Bill

Inspector Bill Scott from North Yorkshire Police explains how our York Pathways project helps ensure that people with multiple vulnerabilities don’t fall through service gaps.

During the last six months in North Yorkshire and York, over 5,000 people – known to us to have mental health needs – came into contact with police, with around 25,000 incidents recorded. Not all people experiencing mental distress will be identified as such, so these figures are likely a considerable underestimation. People might be surprised to know that only 17 per cent of calls to the police relate to crime. Of the remaining 83 percent, a significant proportion involve vulnerability in one form or another. As police officers, we aren’t mental health professionals, so it’s difficult for us to be sure whether people have mental health issues. However, we estimate that around 40 percent of our time is spent engaging with people with mental health needs. Police and emergency services get a significant number of calls where mental distress is the primary issue.

If someone is in distress, has been drinking or lives in a rural area, often they can’t get themselves to A&E. People know that dialling 999 is free, response is quick, and that there is a good chance that someone will come out to see them. In contrast, mental health crisis teams were not designed to undertake this role, and usually only have resources to respond within standard working hours. This equates to approximately 40 hours a week, leaving a potential 128 hours where professional support isn’t available.

Together has offered us innovative ways to reduce mental distress

As a police service, we’ve got to recalibrate our thinking from being entirely focused on cutting crime “nothing more, nothing less” – to also recognising and responding to people with mental health needs, so they can access appropriate help. We need to build a coordinated system locally to ensure that people with complex needs are able to get support; support they are ironically often unable to access due to the complexity of their needs.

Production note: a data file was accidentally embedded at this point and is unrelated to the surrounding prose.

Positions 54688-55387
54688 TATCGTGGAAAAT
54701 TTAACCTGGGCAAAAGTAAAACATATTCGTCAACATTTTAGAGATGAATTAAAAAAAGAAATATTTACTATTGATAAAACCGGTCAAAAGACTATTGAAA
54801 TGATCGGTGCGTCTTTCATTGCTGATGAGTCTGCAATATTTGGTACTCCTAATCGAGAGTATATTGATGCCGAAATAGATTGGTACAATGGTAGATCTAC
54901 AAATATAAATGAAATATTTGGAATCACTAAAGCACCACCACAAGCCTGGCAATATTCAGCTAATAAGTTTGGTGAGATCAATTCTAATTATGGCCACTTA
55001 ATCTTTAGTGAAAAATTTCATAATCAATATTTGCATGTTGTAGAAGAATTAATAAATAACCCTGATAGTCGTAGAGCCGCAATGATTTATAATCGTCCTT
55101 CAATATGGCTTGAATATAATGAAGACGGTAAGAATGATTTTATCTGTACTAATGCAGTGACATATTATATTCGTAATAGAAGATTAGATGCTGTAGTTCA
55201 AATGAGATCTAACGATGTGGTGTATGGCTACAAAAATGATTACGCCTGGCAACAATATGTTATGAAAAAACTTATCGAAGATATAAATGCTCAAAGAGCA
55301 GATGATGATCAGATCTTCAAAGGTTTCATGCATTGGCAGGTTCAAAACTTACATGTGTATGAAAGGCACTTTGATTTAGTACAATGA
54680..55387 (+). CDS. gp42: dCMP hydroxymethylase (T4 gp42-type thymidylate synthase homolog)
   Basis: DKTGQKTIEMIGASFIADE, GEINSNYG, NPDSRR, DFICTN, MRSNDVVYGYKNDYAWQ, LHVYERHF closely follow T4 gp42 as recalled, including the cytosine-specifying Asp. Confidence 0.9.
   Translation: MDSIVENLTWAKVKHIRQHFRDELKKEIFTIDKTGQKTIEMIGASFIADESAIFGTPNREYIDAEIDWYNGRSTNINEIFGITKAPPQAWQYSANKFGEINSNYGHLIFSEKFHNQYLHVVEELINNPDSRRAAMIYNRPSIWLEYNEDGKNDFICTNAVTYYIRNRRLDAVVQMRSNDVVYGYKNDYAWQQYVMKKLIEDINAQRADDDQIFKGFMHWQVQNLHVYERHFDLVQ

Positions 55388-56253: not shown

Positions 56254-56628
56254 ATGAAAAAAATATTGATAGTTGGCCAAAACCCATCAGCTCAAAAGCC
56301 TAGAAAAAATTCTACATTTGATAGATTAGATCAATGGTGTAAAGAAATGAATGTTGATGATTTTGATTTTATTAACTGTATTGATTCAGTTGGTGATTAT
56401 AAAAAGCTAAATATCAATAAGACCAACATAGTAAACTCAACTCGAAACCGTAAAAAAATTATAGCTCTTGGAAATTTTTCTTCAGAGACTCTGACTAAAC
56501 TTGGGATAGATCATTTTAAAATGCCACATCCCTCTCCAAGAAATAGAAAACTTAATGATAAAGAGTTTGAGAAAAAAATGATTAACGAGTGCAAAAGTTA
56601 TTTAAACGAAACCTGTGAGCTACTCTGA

Through its York Pathways service, Together has offered us innovative ways to reduce mental distress in the local area. It acts to integrate local services rather than temporarily plug holes in an already fragmented system. Together works strategically with local services in order to create system-wide structures that close gaps in a sustainable way.

For example, they developed a strategic partnership board, comprised of representatives from key local organisations – NHS, local authority, police and other emergency services – and service users, to support this approach. They put in place a process to enable people who are in regular contact with police and emergency services to be referred to their specialist Pathways service. Here, Pathways workers assess each person’s needs and liaise with local care providers to coordinate responses which address their often multiple vulnerabilities.

North Yorkshire Police set up a Community Safety Hub located in the City of York Council’s head office, staffed by police, to promote information-sharing between local services. A York Pathways worker is based here, so that when police identify someone with a vulnerability who needs help and wants to engage with support, they can refer them directly to the Pathways service. The inclusion criteria for access are broad with priority given to people who more frequently contact emergency services.

The Pathways project is helping us to reach our mental health objectives

Overall, the Pathways project is helping us to reach our mental health objectives – to effectively identify vulnerabilities, record those vulnerabilities in a way that is understood by our partners, respond in the most appropriate way, make relevant referrals and review our actions to manage needs and risks. 

It has helped improve police awareness of mental health issues and other vulnerabilities. We can better see the person behind the incident and the life circumstances that may have led to their contact with the police. There’s a growing understanding that by addressing people’s needs, crisis and dependency on emergency services can be reduced. If we don’t help address the causes, we’ll be forced to continue managing the symptoms. This awareness enables us to better recognise and respond to vulnerabilities, to more accurately record these kinds of needs and to ask if there is anything we could do better.

People previously excluded from services now have hope and an option to do some longer-term problem solving to help improve stability in their lives. Early data indicates that there has been a 37 percent decrease in crisis contacts from people participating in the Pathways project. Reducing crisis not only helps reduce distress and keeps people safe, it also reduces system costs.

We are now trying to work with partners across the rest of the county to expand the scheme and help sustain the existing service. As individual services, we don’t have the capacity to address the deep-rooted mental health and social issues underpinning our society alone. However, together we can grow capacity and build resilience to create lasting change.